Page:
16.Dec.2017 Antler Place

Antler Place is a street in the Forest Heights neighborhood of New Rochelle.  According to Merriam-Webster’s dictionary, an antler is “one of the paired deciduous solid bony processes that arise from the frontal bone on the head of an animal of the deer family.”  Antler Place was named consistent with the forest theme.  The forest theme, as we have discussed, was a popular one in suburban development, it is tied closely to the Picturesque, which inspired modern suburban development.

These are antlers

The land that Antler Place occupies was once part of Albert E. Gunther’s farm.  In 1905, Gunther sold the farm to a real estate consortium headed by three prominent New Rochelleans: Winfield S Spencer, J. Addison Young, William W. Bissell.  Spencer was the New Rochelle postmaster (also involved in developing Pine Park); Young was the district attorney for Westchester County, and eventually an appellate judge for New York State; Bissell was the president of the New Rochelle Trust Company (all of them were board members).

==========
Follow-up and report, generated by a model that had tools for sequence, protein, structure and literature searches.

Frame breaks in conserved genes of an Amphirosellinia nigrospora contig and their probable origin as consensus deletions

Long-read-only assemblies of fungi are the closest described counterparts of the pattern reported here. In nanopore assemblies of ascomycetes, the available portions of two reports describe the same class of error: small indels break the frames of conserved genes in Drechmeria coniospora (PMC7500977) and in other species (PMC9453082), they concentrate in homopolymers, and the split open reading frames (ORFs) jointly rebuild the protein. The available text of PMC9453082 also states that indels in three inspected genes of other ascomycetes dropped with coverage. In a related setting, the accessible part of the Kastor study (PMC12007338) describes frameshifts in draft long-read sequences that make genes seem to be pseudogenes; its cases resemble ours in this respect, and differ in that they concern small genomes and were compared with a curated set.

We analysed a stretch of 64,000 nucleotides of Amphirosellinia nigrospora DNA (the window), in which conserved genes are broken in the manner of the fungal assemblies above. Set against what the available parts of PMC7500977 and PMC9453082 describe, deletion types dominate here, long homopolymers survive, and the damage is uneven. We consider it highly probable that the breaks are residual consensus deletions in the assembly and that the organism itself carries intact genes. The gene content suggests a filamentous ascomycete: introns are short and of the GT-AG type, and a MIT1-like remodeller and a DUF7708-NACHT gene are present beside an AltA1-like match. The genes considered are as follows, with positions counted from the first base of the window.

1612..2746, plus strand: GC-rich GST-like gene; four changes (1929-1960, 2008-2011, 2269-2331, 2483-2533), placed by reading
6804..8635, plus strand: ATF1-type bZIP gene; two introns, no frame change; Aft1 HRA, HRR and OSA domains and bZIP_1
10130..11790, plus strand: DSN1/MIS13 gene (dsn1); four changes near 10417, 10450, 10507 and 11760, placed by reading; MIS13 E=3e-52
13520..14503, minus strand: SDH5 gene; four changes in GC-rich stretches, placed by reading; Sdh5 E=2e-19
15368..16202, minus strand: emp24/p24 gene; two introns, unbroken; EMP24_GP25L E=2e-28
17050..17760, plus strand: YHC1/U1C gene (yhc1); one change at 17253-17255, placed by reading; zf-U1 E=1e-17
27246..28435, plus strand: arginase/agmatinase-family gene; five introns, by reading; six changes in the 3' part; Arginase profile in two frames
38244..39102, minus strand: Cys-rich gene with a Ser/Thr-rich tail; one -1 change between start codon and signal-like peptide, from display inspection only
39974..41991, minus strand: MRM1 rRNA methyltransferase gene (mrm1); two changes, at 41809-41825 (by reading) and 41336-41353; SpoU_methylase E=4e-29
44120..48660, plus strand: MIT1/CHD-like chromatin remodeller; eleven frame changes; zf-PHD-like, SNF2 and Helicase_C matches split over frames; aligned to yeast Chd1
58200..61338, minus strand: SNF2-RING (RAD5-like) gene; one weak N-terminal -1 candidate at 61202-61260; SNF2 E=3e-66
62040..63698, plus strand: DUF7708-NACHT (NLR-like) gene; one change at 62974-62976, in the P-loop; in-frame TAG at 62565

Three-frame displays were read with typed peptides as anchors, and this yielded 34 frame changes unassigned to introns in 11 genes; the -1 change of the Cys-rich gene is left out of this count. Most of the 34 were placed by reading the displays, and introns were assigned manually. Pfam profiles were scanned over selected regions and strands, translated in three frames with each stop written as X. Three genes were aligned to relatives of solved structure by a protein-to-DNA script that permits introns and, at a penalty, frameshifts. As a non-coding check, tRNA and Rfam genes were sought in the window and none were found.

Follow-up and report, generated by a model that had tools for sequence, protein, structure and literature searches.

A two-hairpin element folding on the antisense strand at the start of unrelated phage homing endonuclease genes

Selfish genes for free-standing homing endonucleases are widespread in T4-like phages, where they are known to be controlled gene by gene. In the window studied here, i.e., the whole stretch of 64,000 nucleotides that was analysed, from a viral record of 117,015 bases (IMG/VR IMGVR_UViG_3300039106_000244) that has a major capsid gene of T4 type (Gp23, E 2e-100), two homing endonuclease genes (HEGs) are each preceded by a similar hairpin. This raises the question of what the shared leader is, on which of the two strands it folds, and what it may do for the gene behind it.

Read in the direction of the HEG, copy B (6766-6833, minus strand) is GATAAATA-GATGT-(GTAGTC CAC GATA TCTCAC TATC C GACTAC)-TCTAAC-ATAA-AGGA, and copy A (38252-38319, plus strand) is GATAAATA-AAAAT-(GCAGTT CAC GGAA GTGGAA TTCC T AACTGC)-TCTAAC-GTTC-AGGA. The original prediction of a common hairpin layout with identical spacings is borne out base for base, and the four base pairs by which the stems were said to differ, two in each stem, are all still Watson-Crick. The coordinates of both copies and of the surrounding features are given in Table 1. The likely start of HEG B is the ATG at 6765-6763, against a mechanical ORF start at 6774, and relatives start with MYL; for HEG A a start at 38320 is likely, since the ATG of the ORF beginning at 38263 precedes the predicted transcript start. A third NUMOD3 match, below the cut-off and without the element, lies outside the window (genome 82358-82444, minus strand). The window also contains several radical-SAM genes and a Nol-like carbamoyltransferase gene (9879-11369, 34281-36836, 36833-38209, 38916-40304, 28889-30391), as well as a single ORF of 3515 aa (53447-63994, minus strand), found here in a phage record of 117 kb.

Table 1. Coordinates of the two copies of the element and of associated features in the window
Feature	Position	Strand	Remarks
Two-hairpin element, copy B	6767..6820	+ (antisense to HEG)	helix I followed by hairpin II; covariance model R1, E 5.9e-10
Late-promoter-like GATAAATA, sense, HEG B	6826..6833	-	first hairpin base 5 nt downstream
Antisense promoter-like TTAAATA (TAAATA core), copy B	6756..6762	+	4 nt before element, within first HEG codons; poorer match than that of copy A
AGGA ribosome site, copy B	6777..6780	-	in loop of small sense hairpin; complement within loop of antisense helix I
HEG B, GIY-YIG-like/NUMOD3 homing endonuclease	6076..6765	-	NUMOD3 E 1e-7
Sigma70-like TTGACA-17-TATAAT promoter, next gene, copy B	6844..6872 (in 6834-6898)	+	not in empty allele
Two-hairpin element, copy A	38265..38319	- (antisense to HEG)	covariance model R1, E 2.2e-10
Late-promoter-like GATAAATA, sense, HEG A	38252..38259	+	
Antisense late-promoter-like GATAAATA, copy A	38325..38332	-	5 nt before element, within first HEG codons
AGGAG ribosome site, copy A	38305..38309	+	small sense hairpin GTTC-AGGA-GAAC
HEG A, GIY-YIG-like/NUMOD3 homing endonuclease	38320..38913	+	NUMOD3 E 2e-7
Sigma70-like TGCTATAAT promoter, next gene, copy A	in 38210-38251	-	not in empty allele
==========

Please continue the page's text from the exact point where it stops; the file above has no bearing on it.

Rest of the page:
Forest Heights was advertised as the “most select” neighborhood in New Rochelle and it was promised that the value of the lots “will soon double in value.”  The land was described as a part of the “highest ridge” in the city, and “free from malaria and free from all annoyances and nuisances.”

10.Dec.2017 Andrew Lane

Andrew Lane is a street off Stratton Road, just north of the Hutch by Iona Prep.   It’s in a development named, “White Birches.”   (I spent a while cruising Google Street view looking for white birches — didn’t see any).  This street is a bit of a mystery.  I have not been able to find any connection between the developers and an Andrew.  I do have a theory — a weak one — based on some very circumstantial evidence.